At the overpass he squeezed between a narrow space separating concrete from the metal fencepost meant to keep trespassers out. Then, he partly climbed, and mostly slid on his butt down the hill, slamming onto jagged rocks surrounding the rails with a crunching halt. The breath knocked out of him and his legs twisted like pretzels. He was fortunate, nothing was broken.  
He stood, a bit wobbly at first, but soon gathered his bearings and started to walk. The grinding rocks were a dead giveaway to his whereabouts. So, he stepped upon the slippery-steel track and tiptoed, one foot after the other, resembling a circus performer’s high-wire act as he bobbed, swayed, and swung his arms for balance. Traffic lights flashed at regular intersection intervals ahead. Illumination on the street behind faded with every step.
Encased in an inky haze of darkness, he had no choice but step down and again navigate the rocks. The boulder-sized gravel gnawed with every step, smothering-out any chance of him hearing bloodthirsty hunters hidden in the tall brush and hillside grasses.
Up-close visibility near zero. He trudged along, eyes strained and darting to acquire any glimpse of recognition. At a stumbling pace, it took well over an hour to reach the first intersection. His original one-mile estimate proved closer to three.  
Zack weaved off into the weeds, avoiding the lights and any chance of being seen at the road crossing. He caught sight of a hobo path behind a row of dilapidated and mostly uninhabited 19th century shot-gun houses. Noticeably forgotten slums, secluded and dangerous. The two killers he had so far evaded, may soon be the least of his problems.
About a quarter mile up the way and to the right sat a rundown corner store. Against his better judgement, Zack’s thirst enticed him to slip inside for bottled water and a pack of nabs.
The cashier watched Zack’s every move from behind the counter with a fierce stare. Then, he picked up his phone and spoke in a barely distinguishable whisper. Zack’s lip reading and keen hearing deciphered him saying, “Hey, one of those guys from the alley is alive . . . and he’s here, Hassim’s Grocery, corner of Spicer Street and Deadpan alley.”
Zack flipped a ten-dollar bill at the clerk and headed for the door. He cracked it open and cautiously peeked out. Six gang thugs were crossing the road to the market. The two killers, three-doors down, hotfooting his way.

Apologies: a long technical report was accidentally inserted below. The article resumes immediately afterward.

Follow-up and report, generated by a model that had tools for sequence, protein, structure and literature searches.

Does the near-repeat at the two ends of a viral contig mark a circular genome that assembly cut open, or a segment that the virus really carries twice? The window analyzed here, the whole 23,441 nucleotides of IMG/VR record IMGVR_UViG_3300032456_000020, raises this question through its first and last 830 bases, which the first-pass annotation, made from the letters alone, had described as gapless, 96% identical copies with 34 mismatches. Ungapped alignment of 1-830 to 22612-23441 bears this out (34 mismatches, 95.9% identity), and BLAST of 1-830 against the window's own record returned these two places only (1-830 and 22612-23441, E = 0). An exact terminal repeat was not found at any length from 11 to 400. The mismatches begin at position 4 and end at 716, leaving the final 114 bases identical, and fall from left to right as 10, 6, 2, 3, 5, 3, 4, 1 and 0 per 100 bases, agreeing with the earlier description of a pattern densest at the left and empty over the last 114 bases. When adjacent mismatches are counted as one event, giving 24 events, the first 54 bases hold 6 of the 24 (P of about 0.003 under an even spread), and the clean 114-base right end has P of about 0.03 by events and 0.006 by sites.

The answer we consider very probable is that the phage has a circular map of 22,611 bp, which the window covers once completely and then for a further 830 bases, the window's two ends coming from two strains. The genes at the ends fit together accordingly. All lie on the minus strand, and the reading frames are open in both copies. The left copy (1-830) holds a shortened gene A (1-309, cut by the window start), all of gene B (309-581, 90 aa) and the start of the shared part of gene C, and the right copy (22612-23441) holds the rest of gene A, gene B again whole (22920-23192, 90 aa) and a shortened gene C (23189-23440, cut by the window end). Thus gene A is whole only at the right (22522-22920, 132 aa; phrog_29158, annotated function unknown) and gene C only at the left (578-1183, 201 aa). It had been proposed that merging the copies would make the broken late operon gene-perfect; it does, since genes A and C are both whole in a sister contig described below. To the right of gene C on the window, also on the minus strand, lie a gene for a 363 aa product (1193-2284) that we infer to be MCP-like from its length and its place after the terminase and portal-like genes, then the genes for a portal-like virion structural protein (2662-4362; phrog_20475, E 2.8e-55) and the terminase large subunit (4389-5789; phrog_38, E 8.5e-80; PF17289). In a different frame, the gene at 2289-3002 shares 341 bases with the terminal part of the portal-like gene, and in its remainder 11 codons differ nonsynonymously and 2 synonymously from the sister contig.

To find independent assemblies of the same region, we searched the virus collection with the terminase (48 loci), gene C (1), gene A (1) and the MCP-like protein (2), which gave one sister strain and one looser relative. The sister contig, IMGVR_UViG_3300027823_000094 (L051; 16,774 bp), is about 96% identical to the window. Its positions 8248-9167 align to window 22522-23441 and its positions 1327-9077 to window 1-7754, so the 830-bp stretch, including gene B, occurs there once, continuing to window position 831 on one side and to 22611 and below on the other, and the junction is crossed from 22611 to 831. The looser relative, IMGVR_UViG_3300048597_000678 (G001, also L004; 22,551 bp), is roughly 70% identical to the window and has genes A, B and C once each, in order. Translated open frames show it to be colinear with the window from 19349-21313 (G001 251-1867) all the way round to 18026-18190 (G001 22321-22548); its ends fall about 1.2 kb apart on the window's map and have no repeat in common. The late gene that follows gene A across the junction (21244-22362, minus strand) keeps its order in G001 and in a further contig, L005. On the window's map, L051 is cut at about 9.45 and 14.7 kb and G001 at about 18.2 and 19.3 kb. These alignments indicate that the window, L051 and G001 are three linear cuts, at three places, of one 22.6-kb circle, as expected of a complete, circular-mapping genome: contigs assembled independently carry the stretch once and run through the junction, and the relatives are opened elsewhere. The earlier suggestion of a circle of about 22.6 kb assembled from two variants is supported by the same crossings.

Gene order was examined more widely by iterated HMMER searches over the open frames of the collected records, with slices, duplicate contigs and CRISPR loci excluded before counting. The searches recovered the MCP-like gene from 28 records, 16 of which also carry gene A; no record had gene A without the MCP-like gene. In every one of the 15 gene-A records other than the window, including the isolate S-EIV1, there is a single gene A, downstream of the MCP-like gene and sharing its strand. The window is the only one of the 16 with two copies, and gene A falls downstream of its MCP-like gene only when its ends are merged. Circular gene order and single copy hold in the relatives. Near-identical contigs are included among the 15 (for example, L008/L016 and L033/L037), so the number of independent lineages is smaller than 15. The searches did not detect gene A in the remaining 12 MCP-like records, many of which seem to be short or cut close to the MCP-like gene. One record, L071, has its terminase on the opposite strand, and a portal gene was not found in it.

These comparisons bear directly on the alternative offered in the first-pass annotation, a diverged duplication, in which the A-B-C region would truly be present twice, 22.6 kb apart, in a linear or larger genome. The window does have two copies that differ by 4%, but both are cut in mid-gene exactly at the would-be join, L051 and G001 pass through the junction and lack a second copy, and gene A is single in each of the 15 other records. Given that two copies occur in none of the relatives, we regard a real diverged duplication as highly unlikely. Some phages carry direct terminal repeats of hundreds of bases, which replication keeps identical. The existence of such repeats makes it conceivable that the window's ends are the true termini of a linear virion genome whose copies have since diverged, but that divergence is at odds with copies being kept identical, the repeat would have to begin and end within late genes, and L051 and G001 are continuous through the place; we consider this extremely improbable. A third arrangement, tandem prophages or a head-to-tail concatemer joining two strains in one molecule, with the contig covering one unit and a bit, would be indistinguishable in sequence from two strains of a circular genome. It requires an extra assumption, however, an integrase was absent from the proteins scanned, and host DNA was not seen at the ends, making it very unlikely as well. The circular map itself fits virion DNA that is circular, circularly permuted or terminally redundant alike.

Zack turned and ran back through the store. The proprietor gave chase, waving his pistol in hand, screaming in broken English, “stop, that’s a private area . . . you can’t go back there!” Options limited, Zack scrambled for his life at his optimum potential.
Down the hall, kitchen on the right, cigarettes and a lighter lay on a centered butcherblock island. Zack ducked and dived to dodge the clerk’s barrage of bullets that danced off hanging pots and pans, ringing-out more pings and pongs than a xylophone’s repertoire. Copper-jacketed lead smacked the walls, spraying skin-piercing wood and plaster slivers with a vengeance.
Zack had grabbed the lighter in passing and lit the double-broilers’ grease. A blast of flames burst from floor to ceiling to consume the room. And an instant before a second explosion of who-knows-what blew the whole side off the building, he had hit the backdoors sprinting.
Zack’s exposed parts prickled and stung. His eyes burned, blurred from the emanating caustic-chemical miasma. He could only hope the fiasco created enough distraction to detour his pursuers and buy him time.
Zack bolted full steam ahead, afraid to look back. And no sooner than he had reached the slowed train, it jolted to accelerate.
Oxygen deprivation and hypoglycemia were the probable causes of his disorientation and head-pounding needle sensations. Along with his lung’s bronchospasm: tightened and narrowed tubes impaired his breathing.
Forced to think quick, Zack made a last-ditch dive for the railcar. An element of pure luck, he made a desperate, lifesaving handhold-bar snag. His feet swung up in the wind behind him, before settling on the footstep beneath.
Nauseated, and exhausted, he carefully coaxed his aching body to climb inside. Then, after catching his breath, he leaned out to see his chasers who stood exasperated and beaten.

Zack scoffed with an arrogant smile and wiseass wave to celebrate his victory. Happy to live and, “Play another Day,” contingent on the speeding train.       

Story of the Month contest entry



There is no why or what for to this story. Zack is just caught up in another random act of violence against the alley's homeless. Senseless and ridiculous as it sounds, it's become normal in a world obsessed with anger and hatred without reason.